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Marine Science


Vitellogenin (VTG) synthesis in male oviparous vertebrates is used as an indicator of environmental estrogen exposure, but the relationship between elevated VTG levels and the effects of environmental estrogens on reproductive success are poorly understood. To examine whether altered VTG expression predicts reproductive impairment, we exposed medaka (Oryzias latipes) for 2 or 8 weeks posthatch to 0, 0.5, 1.0, 2.5, and 7.5 ppb of the environmental estrogen o,p ' -DDT. Fish were sampled 2, 4, and 8 weeks after hatch to examine VTG expression and gonad development. After exposure, fish were transferred to clean water, grown to sexual maturity, and placed in mating pairs. We collected eggs for 7 days and scored them for fecundity (number of eggs), fertility (percent fertilized), and hatching success (percent hatched). DDT had no effect on VTG expression after a 2-week exposure, whereas all doses induced VTG after 8 weeks. At both exposure durations, the highest doses of DDT caused a female-skewed sex ratio in adults. Gonadal feminization appeared to be progressive: some ovotestes were observed after 2- or 4-week exposure to the two highest doses, but the proportion of ovaries increased after 8 weeks. Both 2- and 8-week exposures significantly reduced fertility and hatching success at all doses, with lower doses having a greater effect after longer exposure. Fertility and hatching success were more sensitive, to estrogenic disruption than were gonad differentiation and vitellogenin expression. We suggest that VTG expression may be interpreted as a warning of reproductive consequences, but absence of expression cannot be interpreted as absence of consequences.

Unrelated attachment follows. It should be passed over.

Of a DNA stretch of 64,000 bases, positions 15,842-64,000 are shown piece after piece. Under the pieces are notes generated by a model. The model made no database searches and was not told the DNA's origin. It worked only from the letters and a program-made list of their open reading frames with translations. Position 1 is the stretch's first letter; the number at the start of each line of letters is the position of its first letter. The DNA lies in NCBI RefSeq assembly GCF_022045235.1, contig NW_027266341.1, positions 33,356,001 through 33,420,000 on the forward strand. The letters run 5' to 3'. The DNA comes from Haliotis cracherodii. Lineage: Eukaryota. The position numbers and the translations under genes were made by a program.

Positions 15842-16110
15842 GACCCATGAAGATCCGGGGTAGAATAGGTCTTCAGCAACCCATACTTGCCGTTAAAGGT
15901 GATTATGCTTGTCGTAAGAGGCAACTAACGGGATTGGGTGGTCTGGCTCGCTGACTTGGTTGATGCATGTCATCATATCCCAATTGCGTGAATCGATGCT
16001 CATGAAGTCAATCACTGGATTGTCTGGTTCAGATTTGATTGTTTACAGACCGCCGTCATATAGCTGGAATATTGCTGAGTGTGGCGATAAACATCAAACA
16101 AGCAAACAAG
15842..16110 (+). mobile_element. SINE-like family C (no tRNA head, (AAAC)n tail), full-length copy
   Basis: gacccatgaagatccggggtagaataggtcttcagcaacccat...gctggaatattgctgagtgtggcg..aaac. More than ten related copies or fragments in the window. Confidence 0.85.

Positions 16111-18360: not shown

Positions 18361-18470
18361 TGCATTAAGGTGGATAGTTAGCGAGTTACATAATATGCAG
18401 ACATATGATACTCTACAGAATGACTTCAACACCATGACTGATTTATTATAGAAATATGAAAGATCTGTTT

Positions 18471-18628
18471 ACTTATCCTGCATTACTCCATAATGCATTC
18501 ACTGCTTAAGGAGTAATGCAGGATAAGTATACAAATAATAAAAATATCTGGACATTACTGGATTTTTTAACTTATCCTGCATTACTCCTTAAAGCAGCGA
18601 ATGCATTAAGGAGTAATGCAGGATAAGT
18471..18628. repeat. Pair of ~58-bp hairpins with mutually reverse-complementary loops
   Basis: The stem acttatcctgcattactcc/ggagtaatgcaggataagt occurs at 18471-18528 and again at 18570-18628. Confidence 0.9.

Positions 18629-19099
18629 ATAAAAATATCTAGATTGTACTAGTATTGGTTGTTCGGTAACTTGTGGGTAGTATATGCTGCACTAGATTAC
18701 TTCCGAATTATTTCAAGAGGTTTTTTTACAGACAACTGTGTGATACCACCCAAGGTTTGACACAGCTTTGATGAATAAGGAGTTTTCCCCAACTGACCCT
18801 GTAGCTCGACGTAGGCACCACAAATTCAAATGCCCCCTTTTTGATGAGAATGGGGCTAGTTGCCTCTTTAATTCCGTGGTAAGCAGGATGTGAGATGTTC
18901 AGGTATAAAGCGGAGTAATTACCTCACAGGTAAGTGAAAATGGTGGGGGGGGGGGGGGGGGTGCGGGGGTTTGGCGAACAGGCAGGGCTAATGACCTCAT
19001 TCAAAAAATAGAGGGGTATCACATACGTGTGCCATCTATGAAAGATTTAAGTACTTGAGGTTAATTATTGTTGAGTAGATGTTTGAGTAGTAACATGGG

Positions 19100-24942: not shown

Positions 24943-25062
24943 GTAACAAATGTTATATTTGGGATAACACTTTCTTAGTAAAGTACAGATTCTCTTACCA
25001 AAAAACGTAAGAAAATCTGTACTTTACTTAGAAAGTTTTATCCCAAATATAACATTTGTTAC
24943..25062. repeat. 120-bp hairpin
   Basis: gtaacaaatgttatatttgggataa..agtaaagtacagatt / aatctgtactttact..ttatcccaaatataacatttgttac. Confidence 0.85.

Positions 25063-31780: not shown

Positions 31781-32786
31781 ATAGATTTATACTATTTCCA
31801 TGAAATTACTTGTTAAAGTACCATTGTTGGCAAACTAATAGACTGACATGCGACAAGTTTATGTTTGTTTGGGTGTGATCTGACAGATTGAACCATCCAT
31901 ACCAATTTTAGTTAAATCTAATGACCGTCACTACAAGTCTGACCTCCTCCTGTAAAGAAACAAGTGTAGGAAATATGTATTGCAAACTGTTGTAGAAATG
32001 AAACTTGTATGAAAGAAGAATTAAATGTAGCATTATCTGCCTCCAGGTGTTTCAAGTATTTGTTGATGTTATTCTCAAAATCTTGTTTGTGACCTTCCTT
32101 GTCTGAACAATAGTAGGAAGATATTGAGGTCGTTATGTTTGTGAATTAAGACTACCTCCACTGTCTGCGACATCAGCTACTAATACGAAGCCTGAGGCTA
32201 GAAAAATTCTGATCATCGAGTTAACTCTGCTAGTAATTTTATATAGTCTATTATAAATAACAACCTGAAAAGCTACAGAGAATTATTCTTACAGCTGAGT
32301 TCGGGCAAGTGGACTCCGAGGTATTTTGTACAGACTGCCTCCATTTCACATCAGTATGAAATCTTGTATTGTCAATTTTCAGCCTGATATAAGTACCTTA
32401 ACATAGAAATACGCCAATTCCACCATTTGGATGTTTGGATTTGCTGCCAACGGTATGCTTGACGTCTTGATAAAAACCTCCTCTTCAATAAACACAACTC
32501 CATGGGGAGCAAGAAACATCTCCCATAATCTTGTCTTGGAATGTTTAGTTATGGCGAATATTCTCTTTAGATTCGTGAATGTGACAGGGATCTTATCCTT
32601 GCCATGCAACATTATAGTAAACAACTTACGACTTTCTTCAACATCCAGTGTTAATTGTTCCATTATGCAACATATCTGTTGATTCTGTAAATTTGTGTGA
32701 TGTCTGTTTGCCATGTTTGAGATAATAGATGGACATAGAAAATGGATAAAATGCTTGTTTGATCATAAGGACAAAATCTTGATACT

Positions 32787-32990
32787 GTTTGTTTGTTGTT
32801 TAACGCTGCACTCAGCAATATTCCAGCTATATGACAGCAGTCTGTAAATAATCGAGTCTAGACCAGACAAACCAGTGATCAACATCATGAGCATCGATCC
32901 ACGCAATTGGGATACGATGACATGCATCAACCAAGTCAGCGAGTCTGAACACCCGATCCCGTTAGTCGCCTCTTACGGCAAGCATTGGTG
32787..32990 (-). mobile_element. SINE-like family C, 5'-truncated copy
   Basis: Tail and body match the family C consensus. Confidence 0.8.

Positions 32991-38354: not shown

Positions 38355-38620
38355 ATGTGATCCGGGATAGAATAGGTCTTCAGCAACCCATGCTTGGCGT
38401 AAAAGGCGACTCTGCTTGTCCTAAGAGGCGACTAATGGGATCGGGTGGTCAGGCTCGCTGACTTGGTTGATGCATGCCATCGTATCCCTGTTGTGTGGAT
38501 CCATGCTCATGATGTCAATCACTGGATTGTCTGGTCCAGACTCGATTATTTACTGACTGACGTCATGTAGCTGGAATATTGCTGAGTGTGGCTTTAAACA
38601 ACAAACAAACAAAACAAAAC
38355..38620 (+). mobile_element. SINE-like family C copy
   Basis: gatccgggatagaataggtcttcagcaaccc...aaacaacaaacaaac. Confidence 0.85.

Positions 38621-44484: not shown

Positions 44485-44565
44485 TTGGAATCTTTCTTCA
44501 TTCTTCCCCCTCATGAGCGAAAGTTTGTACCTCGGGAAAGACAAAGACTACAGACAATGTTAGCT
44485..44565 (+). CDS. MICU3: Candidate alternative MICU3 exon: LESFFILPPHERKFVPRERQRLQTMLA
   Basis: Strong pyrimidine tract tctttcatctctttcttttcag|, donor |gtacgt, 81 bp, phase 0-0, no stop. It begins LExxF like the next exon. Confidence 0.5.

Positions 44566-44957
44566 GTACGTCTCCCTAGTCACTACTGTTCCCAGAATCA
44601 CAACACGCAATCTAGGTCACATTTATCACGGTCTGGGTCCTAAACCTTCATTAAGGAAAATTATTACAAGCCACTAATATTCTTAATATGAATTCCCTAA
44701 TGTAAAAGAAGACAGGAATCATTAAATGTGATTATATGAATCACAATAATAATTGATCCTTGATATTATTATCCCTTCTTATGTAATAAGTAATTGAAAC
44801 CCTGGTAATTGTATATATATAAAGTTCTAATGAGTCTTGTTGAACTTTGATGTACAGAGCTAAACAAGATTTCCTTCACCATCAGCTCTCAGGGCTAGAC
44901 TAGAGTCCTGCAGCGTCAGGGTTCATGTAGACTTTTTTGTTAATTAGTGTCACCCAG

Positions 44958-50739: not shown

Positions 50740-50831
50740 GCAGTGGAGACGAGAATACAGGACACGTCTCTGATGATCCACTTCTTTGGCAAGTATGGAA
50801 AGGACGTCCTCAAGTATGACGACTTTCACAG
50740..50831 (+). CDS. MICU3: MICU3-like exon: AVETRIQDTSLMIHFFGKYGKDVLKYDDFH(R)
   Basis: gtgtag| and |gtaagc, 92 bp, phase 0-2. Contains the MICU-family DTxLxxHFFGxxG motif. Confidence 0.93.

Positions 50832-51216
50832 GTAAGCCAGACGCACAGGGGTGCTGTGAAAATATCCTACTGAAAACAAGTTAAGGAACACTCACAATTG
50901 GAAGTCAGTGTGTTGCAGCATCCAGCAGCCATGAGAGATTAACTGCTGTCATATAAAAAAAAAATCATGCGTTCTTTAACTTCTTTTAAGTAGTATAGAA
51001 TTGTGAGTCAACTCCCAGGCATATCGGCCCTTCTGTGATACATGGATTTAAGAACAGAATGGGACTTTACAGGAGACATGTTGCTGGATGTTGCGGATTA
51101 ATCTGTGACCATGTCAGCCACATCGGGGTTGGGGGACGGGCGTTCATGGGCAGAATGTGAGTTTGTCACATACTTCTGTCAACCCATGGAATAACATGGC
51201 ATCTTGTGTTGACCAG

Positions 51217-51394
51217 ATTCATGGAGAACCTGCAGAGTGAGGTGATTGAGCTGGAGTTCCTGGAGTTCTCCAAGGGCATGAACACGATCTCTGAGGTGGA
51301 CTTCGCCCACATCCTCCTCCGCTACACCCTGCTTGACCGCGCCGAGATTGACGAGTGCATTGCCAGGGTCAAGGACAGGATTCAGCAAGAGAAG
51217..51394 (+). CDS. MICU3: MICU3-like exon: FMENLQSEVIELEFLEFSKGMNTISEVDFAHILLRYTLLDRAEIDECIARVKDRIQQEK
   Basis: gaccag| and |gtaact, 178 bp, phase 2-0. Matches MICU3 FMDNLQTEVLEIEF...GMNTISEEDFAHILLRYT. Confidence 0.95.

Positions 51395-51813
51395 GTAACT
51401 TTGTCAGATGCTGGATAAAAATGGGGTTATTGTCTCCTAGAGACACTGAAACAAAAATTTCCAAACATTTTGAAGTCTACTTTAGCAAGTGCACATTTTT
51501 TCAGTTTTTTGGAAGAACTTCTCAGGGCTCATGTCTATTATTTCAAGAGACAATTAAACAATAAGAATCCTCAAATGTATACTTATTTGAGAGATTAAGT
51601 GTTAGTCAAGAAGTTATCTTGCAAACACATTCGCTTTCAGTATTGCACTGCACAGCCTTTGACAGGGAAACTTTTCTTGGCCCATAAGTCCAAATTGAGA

Reproduced with permission from Environmental Health Perspectives

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Environmental Health Perspectives





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